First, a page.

Opium was indeed a serious problem in Chinese society, and Fleischer’s description of China as poor and weak was not an entirely inaccurate depiction of national conditions at that time. However, before leaving Norway, he already regarded missionary work as a kind of benevolence, somewhat reflecting superiority in his Christian stance. The relationship of authority between missionaries and local Christians seemed bound to be unequal before the missionaries had even entered China. Missionaries from other countries held similar views. Wu Yixiong concludes that in protestant missionaries’ writing, the “Celestial Empire” was presented as an “autocratic, xenophobic, weak and poor country” (Wu 2022, p. 378). As Cheng (2018, p. 48) observes, “even if the missionaries were in China, China in their eyes and writings was not a natural existence, but a discourse constructed in the process of imperial expansion”. In fact, even after living in China for some time, many missionaries still retained a psychological superiority in relation to the religious, cultural and social aspects of the country.

2.2. Tensions Raised with Hunan Christians’ Desire for Independence

With the NMS’s entry into Hunan, the Norwegian missionaries were the deliverers of faith, and the Chinese Christians were the receivers, resulting in an unequal relationship of authority. Throughout the nineteenth century, Chinese Christians were “weak” in comparison with the Western missionaries who continued to dominate the Chinese Church. Almost all churches were “mission Churches” without a real “Chinese Church” (Liu 2006, p. 112).
The Hunan Christians’ desire for autonomy in Church affairs was closely related to the trend for excluding foreigners from Hunan at that time. Only four years after entering Hunan, the Norwegian missionaries had noticed this, and at their 1906 annual meeting, they began to discuss how to localize the Church. Gotteberg, who came to China as one of the first NMS missionaries in 1902 and later worked as the general supervisor of the NMS in Hunan for a decade (1918–1928), believed that the root cause of the conflict was that the NMS was still regarded as an intruder, a view commonly held by both the people in Hunan and Christians within the Church. However, the missionaries had no clear understanding of what motivated Chinese Christians to participate in managing the missionary work. Gotteberg speculated that the Christians in Hunan believed that “Christianity here must have a more national character” (Norwegian: “Kristendommen her mere skal antage et nationalt præg”), and therefore misunderstood the missionaries’ purpose, regarding them as outsiders (Referat fra Konferents 1906, p. 31). Many Chinese mistakenly believed that the NMS was a political institution, whereas Gotteberg said “we are here for the sake of our livelihoods” (Norwegian: “Vi altså er kommet for levebrødets skyld”). In fact, the Norwegian missionaries realized at the very beginning of their entry into Hunan that Chinese converts would inevitably join in the management of Church affairs and that it was imperative to transfer authority to local Christians:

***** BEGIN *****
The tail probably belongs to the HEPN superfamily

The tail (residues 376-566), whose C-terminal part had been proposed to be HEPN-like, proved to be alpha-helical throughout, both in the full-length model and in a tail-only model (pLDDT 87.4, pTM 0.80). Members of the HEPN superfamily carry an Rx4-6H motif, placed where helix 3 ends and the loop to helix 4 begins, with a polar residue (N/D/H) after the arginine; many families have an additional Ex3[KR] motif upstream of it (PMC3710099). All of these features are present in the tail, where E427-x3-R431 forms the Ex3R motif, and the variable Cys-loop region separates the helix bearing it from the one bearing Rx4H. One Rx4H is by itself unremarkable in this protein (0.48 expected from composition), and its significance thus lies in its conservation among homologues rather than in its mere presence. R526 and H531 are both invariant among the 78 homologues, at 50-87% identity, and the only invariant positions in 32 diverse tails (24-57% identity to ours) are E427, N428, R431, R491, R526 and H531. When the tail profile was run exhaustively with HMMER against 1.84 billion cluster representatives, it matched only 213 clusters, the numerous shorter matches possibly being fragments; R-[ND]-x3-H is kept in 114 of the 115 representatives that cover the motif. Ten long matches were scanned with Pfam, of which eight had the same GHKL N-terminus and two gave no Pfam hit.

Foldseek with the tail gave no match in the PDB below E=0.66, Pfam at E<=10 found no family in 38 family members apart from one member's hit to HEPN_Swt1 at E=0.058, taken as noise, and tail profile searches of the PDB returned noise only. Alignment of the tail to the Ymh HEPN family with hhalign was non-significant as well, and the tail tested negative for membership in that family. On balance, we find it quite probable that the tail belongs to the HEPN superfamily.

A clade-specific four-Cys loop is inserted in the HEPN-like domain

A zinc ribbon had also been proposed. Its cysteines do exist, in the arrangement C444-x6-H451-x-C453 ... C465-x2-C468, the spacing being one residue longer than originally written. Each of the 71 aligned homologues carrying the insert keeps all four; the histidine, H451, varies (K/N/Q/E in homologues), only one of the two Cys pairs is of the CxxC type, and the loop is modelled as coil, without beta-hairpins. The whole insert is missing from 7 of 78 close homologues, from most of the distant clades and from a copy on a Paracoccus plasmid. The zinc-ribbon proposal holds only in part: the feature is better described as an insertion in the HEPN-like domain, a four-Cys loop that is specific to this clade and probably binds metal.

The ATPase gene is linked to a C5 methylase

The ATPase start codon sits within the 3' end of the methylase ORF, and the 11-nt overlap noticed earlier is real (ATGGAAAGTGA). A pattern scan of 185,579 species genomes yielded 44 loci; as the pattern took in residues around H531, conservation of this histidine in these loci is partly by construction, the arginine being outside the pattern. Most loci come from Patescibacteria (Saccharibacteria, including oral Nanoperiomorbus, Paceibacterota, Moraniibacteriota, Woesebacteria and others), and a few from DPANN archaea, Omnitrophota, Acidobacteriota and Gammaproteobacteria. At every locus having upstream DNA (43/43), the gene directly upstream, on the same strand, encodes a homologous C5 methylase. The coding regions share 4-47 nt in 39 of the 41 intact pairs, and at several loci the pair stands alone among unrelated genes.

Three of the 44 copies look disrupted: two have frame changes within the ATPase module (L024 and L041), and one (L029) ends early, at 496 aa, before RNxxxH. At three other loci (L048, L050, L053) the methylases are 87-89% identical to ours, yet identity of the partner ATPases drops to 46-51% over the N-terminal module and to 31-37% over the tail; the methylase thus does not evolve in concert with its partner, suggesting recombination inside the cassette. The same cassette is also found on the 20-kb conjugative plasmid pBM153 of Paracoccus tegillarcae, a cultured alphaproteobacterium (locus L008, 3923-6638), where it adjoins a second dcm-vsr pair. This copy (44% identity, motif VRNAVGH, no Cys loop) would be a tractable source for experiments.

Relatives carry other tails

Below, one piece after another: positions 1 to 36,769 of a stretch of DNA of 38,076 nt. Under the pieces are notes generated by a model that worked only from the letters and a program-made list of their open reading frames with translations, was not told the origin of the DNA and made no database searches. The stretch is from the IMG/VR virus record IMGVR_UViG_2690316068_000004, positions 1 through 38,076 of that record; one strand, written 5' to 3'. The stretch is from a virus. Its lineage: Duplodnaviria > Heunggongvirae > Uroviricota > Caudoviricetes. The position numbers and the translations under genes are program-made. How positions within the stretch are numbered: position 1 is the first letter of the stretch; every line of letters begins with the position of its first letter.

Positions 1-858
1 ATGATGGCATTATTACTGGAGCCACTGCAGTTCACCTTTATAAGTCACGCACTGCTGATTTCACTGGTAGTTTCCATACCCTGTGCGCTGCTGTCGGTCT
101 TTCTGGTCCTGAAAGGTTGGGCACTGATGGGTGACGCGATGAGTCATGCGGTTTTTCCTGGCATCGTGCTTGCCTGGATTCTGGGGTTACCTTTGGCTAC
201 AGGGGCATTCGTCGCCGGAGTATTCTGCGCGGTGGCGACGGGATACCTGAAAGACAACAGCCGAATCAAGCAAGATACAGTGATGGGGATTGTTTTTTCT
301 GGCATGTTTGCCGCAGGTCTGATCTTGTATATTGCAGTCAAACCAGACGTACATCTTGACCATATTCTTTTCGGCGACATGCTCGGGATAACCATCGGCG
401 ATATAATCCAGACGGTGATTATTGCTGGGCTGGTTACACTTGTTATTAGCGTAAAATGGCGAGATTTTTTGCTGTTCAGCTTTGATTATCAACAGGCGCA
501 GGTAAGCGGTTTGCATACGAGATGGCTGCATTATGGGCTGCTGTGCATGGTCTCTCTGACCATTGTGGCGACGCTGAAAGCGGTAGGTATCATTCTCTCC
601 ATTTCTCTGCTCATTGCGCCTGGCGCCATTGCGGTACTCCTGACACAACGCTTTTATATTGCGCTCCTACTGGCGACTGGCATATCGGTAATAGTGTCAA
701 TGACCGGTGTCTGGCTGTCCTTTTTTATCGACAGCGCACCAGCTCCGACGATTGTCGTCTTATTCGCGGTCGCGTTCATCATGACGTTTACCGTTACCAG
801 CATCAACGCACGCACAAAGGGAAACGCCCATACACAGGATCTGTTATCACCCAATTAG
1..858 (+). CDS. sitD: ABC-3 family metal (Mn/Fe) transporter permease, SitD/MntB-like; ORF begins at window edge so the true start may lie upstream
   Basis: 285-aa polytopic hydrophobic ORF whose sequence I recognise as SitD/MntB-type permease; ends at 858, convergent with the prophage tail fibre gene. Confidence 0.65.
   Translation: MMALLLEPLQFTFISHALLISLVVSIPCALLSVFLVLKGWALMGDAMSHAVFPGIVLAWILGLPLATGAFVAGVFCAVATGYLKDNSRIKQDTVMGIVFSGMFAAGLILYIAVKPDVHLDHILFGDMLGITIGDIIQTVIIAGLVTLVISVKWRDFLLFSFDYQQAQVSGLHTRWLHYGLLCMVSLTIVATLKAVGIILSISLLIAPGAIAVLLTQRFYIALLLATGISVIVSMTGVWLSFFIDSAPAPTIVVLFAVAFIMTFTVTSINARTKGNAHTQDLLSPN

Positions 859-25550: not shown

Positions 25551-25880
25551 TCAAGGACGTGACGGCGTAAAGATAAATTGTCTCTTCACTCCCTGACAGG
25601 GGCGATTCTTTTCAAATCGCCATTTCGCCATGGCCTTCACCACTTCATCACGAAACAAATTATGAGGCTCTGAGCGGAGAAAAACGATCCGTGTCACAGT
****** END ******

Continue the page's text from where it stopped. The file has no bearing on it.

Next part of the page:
Like the political situation, the Chinese are also very eager to gain independence in Church affairs. It will be futile to keep Christians away from the Christian movement in these countries. The more we try to prevent it, the result will only be that they will eventually leave the Church. How can we make them [in the Church] achieve independence? We must let them share the responsibility and lead together. Now there are many objections to foreign missionaries, because some missionaries still regard them as subordinates even if they let the Chinese share the responsibility and leadership of church affairs.
Gotteberg believed that since the Norwegian missionaries had been discussing issues around the table between themselves, the Chinese might feel intimidated and might even be scared off. In order to solve this, he proposed the establishment of a special committee consisting of Chinese Christians to give them a platform to express their views. At the same time, he clearly recognized the necessity of independence for the Chinese Church: “but this must be only the preparatory step towards the formation of a local Church” (Norwegian: “Dette må dog kun være et forberedende skridt til endog at få en indfødt synode”; Referat fra Konferents 1906, p. 31). His proposal was not unanimously approved by the other missionaries. Reichelt felt that the Christians in Ningxiang whom he had contacted would be happy to have such an association, but the current situation was still fine. Nilssen believed that they should be cautious about this matter and that they should consult other missionary friends (Referat fra Konferents 1906, p. 32). Therefore, the proposal was put on hold. However, this discussion was very significant, since it was the first time that the issue of an indigenous Church had been tabled as a special subject at the conference. Related issues, such as indigenous staff training and the hospital’s native junior staff, were also brought to the table.